The X Case is the big, bad wolf. Even 17 years later, it can still make Mother Ireland quake in her boots. Under that judgment, abortion is legal in this country. It may be performed where there is a threat to the life of a pregnant female, including the danger of suicide. But just you try asking for an abortion in an Irish hospital.
Official Ireland is shamelessly lily-livered.
We have come through two Lisbon referendum campaigns in which Coir, one of the most vocal anti-treaty groups, propounded that the EU was itching to impose abortion on Holy Catholic Ireland. Most voters have the smarts to recognise scaremongering, but what was most demoralising was the spinelessness of politicians who dared not even challenge the deceit head-on. Don't mention the A-word, was the governing dictum.
It's understandable that politicians want to bury their heads in the sand after several of them had their homes and constituency clinics picketed by anti-choice activists (Fianna Fail withstood the invasion of an ard fheis), and Catholic TDs have been warned they risk excommunication for expressing support for abortion. The silence of the lambs in Dail Eireann would convince a visiting Martian that there's a consensus in Ireland that abortion under any circumstances would never be tolerated by the people.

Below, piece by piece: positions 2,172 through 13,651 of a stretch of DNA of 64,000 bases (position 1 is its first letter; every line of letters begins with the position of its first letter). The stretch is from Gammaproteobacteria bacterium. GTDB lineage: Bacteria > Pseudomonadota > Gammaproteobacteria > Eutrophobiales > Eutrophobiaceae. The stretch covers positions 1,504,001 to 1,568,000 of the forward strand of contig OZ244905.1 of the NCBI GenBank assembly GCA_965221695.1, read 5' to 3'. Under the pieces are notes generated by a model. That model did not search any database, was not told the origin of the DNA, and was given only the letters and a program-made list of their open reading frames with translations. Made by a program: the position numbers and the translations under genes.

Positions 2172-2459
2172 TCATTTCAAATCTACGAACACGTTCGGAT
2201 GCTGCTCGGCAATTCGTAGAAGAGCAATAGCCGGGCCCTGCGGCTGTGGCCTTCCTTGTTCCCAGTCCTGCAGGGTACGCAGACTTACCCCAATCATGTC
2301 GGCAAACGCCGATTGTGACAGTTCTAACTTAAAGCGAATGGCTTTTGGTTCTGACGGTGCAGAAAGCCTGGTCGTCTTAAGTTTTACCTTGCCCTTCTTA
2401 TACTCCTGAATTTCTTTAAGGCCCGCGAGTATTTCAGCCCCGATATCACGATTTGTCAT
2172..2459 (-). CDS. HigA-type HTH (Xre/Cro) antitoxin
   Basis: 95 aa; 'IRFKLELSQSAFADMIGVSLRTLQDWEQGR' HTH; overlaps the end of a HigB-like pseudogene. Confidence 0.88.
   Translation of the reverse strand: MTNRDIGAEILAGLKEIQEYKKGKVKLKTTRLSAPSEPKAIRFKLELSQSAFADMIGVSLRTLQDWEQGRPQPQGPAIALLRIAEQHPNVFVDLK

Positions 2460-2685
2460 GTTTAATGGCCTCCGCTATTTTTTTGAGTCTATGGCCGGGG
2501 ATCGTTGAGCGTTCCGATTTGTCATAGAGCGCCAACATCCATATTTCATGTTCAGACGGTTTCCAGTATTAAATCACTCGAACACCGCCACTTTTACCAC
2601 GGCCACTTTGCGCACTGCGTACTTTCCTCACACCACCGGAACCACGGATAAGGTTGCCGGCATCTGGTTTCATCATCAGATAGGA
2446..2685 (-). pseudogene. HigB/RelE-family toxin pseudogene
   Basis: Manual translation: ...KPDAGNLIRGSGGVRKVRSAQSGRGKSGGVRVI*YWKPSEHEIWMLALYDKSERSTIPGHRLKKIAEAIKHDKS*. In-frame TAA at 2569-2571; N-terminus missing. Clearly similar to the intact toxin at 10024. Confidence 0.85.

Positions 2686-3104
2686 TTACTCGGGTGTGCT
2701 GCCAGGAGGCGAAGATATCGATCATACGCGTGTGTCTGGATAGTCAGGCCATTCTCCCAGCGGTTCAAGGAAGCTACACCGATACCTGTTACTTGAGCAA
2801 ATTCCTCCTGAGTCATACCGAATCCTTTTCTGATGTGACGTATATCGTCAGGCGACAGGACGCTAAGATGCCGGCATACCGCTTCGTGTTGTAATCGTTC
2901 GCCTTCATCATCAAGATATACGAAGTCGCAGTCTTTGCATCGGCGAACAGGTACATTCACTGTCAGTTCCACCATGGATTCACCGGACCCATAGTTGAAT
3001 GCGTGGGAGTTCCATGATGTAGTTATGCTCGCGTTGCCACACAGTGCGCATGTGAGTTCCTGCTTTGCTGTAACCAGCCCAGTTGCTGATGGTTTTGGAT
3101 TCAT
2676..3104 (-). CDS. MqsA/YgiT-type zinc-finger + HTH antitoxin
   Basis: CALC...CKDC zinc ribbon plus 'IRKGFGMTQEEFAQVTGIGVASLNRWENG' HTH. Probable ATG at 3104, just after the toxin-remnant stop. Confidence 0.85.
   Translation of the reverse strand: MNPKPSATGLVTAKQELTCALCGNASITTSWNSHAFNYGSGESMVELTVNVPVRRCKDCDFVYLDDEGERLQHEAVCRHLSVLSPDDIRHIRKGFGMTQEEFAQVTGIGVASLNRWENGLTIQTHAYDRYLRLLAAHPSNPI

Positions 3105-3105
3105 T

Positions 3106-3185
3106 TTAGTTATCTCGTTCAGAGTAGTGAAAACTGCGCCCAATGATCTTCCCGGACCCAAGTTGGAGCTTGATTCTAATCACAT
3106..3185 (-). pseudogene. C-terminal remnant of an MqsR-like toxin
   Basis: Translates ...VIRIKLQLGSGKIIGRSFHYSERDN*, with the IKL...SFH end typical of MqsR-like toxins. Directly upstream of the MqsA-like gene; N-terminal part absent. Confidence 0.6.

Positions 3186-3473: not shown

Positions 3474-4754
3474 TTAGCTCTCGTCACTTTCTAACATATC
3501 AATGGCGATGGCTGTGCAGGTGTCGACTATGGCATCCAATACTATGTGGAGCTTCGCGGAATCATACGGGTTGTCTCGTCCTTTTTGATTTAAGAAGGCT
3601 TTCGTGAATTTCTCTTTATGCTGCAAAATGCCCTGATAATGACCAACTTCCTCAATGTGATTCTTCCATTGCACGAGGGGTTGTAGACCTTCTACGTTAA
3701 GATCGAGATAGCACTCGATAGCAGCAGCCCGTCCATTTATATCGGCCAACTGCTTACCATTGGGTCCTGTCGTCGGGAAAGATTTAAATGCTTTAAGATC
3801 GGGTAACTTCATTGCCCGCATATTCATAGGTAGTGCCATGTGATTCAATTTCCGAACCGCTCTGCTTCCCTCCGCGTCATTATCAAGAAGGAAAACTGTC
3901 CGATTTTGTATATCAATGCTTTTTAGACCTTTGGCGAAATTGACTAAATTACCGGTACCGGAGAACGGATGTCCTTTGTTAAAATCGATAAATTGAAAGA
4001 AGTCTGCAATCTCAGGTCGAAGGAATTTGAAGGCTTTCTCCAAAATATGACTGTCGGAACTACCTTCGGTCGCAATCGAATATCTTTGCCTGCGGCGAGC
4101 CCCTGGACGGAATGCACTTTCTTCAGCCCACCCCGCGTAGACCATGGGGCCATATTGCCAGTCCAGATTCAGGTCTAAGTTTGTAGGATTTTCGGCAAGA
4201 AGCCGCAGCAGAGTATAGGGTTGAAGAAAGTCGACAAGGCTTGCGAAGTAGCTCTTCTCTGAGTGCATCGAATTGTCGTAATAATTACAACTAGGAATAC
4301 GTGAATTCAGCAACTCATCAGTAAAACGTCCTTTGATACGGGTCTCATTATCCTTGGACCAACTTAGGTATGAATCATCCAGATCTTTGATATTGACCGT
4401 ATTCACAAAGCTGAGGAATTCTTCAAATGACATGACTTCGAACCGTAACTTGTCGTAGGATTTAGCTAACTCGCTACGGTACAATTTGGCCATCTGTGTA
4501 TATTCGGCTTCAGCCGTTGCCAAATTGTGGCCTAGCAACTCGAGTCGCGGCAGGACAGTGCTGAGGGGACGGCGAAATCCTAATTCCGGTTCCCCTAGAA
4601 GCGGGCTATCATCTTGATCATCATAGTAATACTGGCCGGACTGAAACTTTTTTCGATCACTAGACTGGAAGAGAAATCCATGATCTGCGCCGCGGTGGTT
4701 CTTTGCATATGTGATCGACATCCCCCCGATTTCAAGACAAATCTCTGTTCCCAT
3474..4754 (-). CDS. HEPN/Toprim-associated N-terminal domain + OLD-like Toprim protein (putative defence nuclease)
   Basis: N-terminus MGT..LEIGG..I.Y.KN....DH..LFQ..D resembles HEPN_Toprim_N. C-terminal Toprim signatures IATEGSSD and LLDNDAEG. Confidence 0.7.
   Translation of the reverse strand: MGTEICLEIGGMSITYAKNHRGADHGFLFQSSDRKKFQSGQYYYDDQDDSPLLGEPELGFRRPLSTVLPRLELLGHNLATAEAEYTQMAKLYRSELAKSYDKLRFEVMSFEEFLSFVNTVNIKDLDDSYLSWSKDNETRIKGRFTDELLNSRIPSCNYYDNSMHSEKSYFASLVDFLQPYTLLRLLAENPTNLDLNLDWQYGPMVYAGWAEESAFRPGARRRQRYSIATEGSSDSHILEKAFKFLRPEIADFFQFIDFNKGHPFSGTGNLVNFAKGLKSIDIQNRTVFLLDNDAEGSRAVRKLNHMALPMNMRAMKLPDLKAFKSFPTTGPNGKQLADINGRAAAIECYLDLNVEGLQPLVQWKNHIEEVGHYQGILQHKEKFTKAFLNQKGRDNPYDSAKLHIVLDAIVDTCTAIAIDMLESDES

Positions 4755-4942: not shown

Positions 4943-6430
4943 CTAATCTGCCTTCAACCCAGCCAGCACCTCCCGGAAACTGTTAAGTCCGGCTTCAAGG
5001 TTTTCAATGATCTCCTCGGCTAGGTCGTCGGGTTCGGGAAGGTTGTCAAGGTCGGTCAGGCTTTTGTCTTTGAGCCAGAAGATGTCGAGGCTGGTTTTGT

Not true. Two years ago, after Miss D was sanctioned by the High Court to travel abroad for a termination on learning her baby would not survive outside her womb, a poll showed that two-thirds of people backed abortion when life was unviable after birth.
Yet, in the same year, when Enda Kenny said that, if elected taoiseach, he would not enact abortion law, no dissent was raised. It was a chilling measure of how effectively the moral majority has been gagged.
If Ireland is forced to legalise abortion, the order could come sooner rather than later from the European Court of Human Rights under the auspices of the Council of Europe. Three Irish women, backed by the Irish Family Planning Association, are arguing that their rights were infringed by the state ban. The women-named as A, B and C- wanted to have their pregnancies terminated after, respectively, suffering an ectopic pregnancy, receiving chemotherapy for cancer, and having children taken into foster care because of financial issues. They claim the criminalisation of abortion stigmatises women, increases feelings of guilt, impedes access to follow-up care, contravenes their right to life, and is discriminatory on the basis of gender and financial status.